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Courtesy of David Shankbone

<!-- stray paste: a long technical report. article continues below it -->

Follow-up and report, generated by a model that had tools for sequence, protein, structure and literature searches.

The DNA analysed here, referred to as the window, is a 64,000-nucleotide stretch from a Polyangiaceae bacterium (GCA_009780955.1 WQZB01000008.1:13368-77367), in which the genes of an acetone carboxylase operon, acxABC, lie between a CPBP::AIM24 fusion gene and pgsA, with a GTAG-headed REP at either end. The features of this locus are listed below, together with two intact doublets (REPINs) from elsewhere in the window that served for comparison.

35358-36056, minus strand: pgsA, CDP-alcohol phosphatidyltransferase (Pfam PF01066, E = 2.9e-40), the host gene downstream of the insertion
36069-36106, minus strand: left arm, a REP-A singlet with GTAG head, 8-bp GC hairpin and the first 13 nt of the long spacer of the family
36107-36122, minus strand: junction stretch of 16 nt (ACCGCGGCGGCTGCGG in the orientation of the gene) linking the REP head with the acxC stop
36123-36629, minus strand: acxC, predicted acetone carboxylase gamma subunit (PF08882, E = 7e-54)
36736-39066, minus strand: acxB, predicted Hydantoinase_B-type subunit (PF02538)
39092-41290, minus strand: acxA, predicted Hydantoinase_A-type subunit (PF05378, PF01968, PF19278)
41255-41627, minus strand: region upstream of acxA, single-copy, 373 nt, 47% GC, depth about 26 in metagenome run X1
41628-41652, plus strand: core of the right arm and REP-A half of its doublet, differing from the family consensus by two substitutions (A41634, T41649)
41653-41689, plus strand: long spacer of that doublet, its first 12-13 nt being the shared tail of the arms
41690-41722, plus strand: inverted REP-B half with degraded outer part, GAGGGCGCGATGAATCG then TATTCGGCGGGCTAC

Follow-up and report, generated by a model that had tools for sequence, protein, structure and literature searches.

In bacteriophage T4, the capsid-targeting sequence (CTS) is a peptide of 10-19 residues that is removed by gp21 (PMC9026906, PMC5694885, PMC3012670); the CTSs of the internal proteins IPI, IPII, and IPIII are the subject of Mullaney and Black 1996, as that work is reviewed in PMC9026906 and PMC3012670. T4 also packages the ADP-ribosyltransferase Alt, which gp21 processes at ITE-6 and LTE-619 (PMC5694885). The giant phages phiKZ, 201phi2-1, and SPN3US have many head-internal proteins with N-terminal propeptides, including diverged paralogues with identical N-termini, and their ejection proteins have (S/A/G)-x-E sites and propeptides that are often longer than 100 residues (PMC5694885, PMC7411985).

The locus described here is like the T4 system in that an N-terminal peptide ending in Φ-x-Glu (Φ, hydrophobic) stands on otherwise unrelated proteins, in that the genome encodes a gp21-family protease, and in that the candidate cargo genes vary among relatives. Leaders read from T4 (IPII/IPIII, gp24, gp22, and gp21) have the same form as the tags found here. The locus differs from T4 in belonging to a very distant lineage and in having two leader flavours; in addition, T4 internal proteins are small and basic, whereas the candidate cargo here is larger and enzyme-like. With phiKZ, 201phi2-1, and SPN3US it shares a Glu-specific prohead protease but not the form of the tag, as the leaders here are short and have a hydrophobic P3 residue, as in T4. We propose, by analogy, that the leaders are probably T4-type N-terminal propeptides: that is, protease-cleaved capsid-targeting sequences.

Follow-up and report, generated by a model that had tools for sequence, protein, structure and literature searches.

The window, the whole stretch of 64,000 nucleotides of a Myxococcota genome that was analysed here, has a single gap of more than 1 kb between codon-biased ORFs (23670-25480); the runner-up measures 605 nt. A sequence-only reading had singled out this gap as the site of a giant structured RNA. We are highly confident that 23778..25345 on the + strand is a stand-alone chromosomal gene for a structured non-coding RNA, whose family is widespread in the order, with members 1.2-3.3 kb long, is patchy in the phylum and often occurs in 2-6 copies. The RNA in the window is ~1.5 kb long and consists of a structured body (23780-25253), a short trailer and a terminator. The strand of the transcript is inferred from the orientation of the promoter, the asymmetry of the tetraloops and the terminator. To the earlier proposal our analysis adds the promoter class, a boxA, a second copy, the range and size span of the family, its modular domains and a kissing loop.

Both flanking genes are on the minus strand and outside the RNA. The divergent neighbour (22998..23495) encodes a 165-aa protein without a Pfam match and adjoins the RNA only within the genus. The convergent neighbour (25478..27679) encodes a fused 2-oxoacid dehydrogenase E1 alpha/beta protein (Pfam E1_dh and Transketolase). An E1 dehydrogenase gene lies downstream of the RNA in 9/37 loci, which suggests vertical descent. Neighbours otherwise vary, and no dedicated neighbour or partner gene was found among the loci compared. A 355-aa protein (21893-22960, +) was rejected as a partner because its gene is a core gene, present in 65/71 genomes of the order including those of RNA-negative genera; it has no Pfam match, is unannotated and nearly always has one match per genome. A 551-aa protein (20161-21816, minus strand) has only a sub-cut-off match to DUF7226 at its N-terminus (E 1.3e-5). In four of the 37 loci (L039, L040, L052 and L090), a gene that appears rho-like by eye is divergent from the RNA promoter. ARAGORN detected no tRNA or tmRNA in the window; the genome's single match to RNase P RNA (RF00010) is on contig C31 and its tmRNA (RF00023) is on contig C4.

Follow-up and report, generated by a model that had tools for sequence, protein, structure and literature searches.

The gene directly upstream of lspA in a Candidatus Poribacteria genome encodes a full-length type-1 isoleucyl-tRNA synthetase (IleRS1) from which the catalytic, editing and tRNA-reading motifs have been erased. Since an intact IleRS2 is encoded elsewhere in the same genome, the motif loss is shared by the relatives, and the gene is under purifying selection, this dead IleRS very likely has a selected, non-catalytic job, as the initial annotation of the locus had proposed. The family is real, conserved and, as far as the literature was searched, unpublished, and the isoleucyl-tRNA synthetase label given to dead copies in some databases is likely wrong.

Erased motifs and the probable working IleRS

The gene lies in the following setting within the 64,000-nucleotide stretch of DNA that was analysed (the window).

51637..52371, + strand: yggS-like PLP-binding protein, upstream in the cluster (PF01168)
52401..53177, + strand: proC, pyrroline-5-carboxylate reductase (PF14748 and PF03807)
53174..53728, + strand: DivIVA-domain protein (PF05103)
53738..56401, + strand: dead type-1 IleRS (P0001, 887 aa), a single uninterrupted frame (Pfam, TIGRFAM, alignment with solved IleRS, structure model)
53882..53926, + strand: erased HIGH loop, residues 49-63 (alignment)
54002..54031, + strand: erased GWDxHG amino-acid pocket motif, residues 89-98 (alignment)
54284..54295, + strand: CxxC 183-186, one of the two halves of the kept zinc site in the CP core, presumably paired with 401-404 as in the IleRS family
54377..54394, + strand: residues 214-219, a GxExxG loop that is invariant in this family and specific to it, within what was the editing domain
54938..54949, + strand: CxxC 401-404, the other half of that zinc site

Manning Marable, the founding director of Columbia's Institute for Research in African American Studies, died this Friday at age 60. Marable's death came just days before the release of his long-awaited biography of Malcolm X, the last of Marable's many works on the African-American identity and race relations in the United States. Malcolm X: A Life of Reinvention chronicles the life of the black rights activist and offers a theory regarding his unidentified assassin—just one example of the professor's passion for African-American history. Yet his focus on academia was never without practical concern, his wife, Leith Mullings, said. "He believed in the unity of theory and practice and the unity of scholarship and activism," Mullings said. Marable's contributions to Columbia began with his role as a professor of history and political science in 1993. In his first year at Columbia, Marable founded the Institute for Research in African-American Studies, serving as its chair for the next 10 years. "He was interested in creating a new paradigm at Columbia, a kind of history that was, as he described in the title of his book, a 'Living Black History,'" Mullings said. "He saw history as something that was living and as something that was practiced, something from which we can move forward." The Institute became a national and international center for scholarship, and in 2002, Marable established the Center for Contemporary Black History at Columbia. Notable for its production of Souls, the quarterly academic journal of African-American studies, the center worked on projects regarding race and criminal justice at a national level. But what was most important to him was the human side of the Institute, which allowed him to increase the number of black faculty in the arts and sciences and form a meaningful connection with the Harlem neighborhood. "He was able to create the institute, hire black faculty, fund black graduate students. All of that meant a lot to him," Mullings said. Marable earned a B.A. from Earlham College in 1971, a master's from the University of Wisconsin-Madison in 1972 and a Ph.D. in American history from the University of Maryland in 1976. Over the next three decades, he wrote over 275 scholarly articles and numerous books. He went on to teach political science, history, sociology, economics, and African-American studies at a host of universities since the 1970s. He was the director of ethnic studies programs at various schools, including Fisk, Cornell, and the University of Colorado, and he served as the chair of the Department of Black Studies at Ohio State University in the late 1980s. For over 20 years, Marable battled sarcoidosis, a lung disease, while continuing work in the name of social justice until his death—even giving frequent lectures at Sing Sing Prison in New York as part of a master's degree program for prisoners. "Even in the throes of his illness," said Professor Farah Griffin, the current director of the Institute for Research in African-American Studies, "he continued to teach, write, and lecture whenever he could." Like Mullings, Griffin remarked on Marable's active spirit as a match to his dedicated scholarship. "Professor Marable was a force of nature," Griffin said. "He supported the struggles of people oppressed by insidious forms of racism, sexism, homophobia, and poverty. He was most especially concerned with the plight of poor and working peoples." Colleagues noted that his commitment to civil justice reached far beyond the gates of Columbia. "He wanted his body of work to be an important contribution to the black freedom struggle," said Griffin, "which to him was a major dimension of struggles for justice and human dignity worldwide."